And I think through the kind of the digital twin mindset, we can do that. So we were contacted by Delta Montek. They wanted to, and this happens a lot. They wanted a new website and they wanted to improve their, their digital presence or their presence on the internet. And they weren’t really too sure how to do it. I mean, they knew a little bit about SEO, they knew a little bit about social media. They just didn’t quite have the strategy behind it. And they were looking for someone to help them execute it.

So you know, we started out with the website. They definitely needed a redesign. But we built their sales pages. And then we employed a content strategy to get them in framework out there. Then we just started to generate content and reach out. And a big thing. And I think you’re really good at this. Sam. Kudos to you on your marketing outreach.

Greg Mischio  22:37 

So we’re working with Delta ModTek. And this was a big gamble for them. Most manufacturers are very conservative. And they don’t get the whole, marketing. They’re skeptical of it. And so we just started to do what we do. And we started to get an increase in traffic. Now, our traffic generated a 273% increase in traffic.

Now, this was over four years. So you might say, well, that’s not that much. But it was an increase in quality traffic. And that’s, that’s the key is to be very focused there pretty narrow niche. And we did it, we started to really get some good rank for some of their bottom of the funnel, product pages.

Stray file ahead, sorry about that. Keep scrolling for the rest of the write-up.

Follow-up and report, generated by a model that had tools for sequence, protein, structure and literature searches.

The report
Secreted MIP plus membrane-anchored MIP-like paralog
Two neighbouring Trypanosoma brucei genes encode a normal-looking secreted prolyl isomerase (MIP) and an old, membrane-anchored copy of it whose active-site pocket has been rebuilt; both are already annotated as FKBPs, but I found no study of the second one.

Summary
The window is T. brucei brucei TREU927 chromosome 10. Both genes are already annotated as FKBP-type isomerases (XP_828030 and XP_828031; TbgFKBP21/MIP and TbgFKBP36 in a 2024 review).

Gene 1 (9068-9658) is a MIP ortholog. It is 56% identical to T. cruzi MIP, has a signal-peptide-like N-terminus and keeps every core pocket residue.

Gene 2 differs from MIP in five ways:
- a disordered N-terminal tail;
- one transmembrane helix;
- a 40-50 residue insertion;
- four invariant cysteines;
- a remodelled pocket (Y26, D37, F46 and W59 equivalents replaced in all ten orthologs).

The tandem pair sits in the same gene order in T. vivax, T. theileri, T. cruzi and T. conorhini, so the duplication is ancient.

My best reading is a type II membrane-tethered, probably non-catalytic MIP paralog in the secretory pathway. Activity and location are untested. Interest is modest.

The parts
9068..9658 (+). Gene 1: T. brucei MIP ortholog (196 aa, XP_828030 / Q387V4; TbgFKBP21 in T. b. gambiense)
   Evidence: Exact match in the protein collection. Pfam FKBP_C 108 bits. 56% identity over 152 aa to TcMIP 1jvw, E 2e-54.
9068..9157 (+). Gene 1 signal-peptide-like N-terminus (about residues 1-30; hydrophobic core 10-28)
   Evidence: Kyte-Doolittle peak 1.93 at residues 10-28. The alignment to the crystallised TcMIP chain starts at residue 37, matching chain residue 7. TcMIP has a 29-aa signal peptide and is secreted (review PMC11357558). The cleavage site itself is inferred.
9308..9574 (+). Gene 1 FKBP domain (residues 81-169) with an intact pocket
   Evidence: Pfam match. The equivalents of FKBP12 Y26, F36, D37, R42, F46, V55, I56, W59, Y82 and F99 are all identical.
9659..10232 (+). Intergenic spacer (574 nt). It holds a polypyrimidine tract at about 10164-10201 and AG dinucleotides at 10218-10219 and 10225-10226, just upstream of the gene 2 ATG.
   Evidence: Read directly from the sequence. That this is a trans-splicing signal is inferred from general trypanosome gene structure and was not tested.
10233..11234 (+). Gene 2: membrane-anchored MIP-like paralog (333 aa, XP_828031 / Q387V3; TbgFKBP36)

So that’s, you know, where you’re getting the sales leads, and generating more sales. So when we started with them, they had like 140 conversions off their website. By the time we were done, they add up to 487.

In the year 2019, this is a case study on our website. So 245% increase from their product pages, kind of turning this website brochure into the digital twin that we’ve been talking about.

Sam Gupta  24:16 

Okay, do you have any marketing material that you build that you felt maybe was really impactful?

Greg Mischio  24:23 

One of the things and I think this is more, it’s not a specific piece. Sam, it’s more of this philosophy.

Greg Mischio  24:48 

What we like to do with our top-of-funnel content, and that’s the content that gets people to kind of know you and like you as we do what’s called collaborative content. Okay, we reach out. And we work with partners, you know, suppliers, other experts in the industry, and we try and integrate them into your content.

So, you know, I’m going to do a blog post on, you know, great marketing for manufacturers. And I’m gonna reach out to Sam and say, Sam, give me a quote here because I know Sam likes to talk, and he’s got a great speaking voice, but here, I’m gonna get him actually in our blog post. If you only covered one point, I am gonna get him in our blog post, and I’m gonna get him, he’s gonna participate. And so we do this with manufacturers, you know, again, their suppliers, partners, experts in the field, and we get them integrated into the content.